We Need to Talk

The tension in the air in the US right now is so thick you can cut it with a knife. Fear is rampant, but not everyone is afraid of the same thing. We are afraid of each other.

The phrase “divide and conquer” comes to my mind as I feel Americans become more and more divided, and I fear how we might be conquered.

But I also see so many uniting, which gives me incredible hope. I have been a part of some conversations where people are really listening to each other’s differing perspectives and experiences and trying to learn from each other. I see people struggling through the discomfort of hearing a different opinion that scares them and being patient and trying to understand it.

But I also have been in many spaces where different opinions and perspectives are not something that people can discuss civilly. Where conversations aren’t seen as a way to better understand each other and the world; rather they lead to defensiveness and cause people to shut down and/or to start slinging insults. And I see a lot of people only having conversations within groups with similar opinions and not branching out to try to understand the opinions of people outside their comfort zone.

It’s as if we never learned those basic lessons of dialogue. We are all Americans, we are all humans that want to live in a safer America, and yet somehow we lost the ability to listen to each other about what a safer world for everyone would look like.

I’m hoping this can be a bridging tool to help us take a step closer to having some productive difficult conversations.

Original source of image unclear

Simplifying the complex issues brought up by the recent protests, I see two predominate perspectives – contradictory, though equally valid and true to those who hold them.

Perspective 1: The police keep our communities safe. If we feel threatened, we can call the police. Only guilty people have reason to be afraid of the police. Defunding the police would be a disaster in public safety.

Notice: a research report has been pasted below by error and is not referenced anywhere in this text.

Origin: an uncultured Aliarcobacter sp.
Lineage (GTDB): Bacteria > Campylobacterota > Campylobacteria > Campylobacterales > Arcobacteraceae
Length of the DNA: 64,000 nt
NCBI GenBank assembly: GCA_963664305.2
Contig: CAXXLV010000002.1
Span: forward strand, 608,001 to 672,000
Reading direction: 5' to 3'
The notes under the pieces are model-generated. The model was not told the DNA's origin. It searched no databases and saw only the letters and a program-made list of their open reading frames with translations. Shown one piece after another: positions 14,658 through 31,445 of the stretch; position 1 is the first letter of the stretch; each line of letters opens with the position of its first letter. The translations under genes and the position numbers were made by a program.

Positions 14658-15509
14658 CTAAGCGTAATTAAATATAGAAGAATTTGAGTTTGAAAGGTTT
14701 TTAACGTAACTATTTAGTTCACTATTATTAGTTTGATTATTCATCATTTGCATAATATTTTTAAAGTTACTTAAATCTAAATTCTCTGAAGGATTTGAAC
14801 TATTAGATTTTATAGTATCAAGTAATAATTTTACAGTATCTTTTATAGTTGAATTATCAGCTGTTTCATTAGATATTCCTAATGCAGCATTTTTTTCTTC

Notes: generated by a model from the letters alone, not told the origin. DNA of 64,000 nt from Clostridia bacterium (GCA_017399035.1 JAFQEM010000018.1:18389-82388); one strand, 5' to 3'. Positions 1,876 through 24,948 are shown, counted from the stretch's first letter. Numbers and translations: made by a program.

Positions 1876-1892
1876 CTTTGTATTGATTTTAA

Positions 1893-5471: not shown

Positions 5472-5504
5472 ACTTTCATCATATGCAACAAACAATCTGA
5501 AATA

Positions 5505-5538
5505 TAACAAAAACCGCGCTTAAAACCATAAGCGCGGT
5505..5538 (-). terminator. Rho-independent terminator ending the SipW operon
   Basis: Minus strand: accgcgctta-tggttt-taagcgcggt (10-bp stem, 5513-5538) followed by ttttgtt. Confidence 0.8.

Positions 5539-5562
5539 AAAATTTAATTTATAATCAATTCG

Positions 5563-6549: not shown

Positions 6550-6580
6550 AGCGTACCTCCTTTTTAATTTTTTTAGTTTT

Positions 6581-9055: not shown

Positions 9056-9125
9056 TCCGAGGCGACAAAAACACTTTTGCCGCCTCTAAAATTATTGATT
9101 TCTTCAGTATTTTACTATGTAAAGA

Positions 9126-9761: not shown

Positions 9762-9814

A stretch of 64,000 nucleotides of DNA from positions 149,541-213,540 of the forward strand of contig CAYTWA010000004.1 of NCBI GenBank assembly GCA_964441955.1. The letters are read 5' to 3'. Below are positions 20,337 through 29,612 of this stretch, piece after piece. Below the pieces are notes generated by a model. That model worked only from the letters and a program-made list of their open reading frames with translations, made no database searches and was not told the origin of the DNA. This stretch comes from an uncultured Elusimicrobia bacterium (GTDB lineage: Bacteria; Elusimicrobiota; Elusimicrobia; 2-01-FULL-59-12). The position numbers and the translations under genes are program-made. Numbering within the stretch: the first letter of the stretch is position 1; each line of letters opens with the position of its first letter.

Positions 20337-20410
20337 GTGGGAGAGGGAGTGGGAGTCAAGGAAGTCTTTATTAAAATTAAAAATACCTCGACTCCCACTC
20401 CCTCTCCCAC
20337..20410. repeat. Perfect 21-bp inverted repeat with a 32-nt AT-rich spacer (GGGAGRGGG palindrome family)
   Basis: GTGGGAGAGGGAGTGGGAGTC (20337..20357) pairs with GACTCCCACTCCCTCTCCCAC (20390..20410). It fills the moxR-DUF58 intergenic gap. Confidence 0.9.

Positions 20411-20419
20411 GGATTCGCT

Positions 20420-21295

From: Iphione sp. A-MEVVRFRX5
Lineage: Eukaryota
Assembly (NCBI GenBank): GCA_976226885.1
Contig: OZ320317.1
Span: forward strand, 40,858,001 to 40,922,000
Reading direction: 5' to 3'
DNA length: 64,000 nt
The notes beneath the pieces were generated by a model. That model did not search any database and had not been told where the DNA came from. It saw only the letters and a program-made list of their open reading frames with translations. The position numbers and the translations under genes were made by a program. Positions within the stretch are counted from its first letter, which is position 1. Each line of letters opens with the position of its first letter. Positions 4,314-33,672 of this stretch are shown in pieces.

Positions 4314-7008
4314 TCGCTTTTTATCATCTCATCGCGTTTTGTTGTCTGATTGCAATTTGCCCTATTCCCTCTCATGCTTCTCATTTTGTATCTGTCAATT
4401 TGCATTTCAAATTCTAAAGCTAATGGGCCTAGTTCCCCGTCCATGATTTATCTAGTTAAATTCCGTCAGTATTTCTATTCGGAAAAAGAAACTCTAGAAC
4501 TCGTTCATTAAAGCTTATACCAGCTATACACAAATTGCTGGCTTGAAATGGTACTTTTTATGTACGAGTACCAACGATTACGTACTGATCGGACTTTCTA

For people whose experience with the police has mostly been positive, (other than traffic tickets or mild offenses,) this perspective will probably resonate. The recent protests often make these people feel threatened because it seems like the institution that keeps them safe – the police and the criminal justice system – is being threatened, by the protests and by calls for defunding the police.

Perspective 2: Many police officers abuse their power, and the string of police brutality incidents against black people are blatant indicators that racism is still very alive in America, especially in the criminal justice system. Police officers and the entire criminal justice system need to be held accountable, reformed, even defunded, and structural racism must be addressed.

For people of color who have experienced racism by police officers or in other areas of their life, this statement will ring true, and the sight of a police officer will often incite fear rather than a sense of security. For them, the George Floyd-inspired protests give them hope for a safer, more just America, despite the fear they feel as unarmed citizens when they see the armed officers policing the protests and the white men with guns, counter-protesting.

Both of these perspectives are real and valid and varied (as I said, I simplified a complex issue into a binary issue to be able to take a first step in talking about it.) Though they seem contradictory, many people are starting to be able to hold both perspectives in their mind at one time. And this, to me is the first step forward.

To be clear, I’m not saying that each perspective deserves equal weight.

The majority of people who identify with Perspective 1 are white, and the majority of black people identify Perspective 2. Yes, there are exceptions, but speaking in terms of majorities, there is a clear race line between these perspectives.

Yep, I brought up race and made a generalization about different experiences based on the color of our skin. I’m such a racist, some will say.

“Equality means we’re all equal and so we shouldn’t even see black and white, and we should have equal standards for everyone; the best way to achieve equality is to be colorblind.” I used to believe that.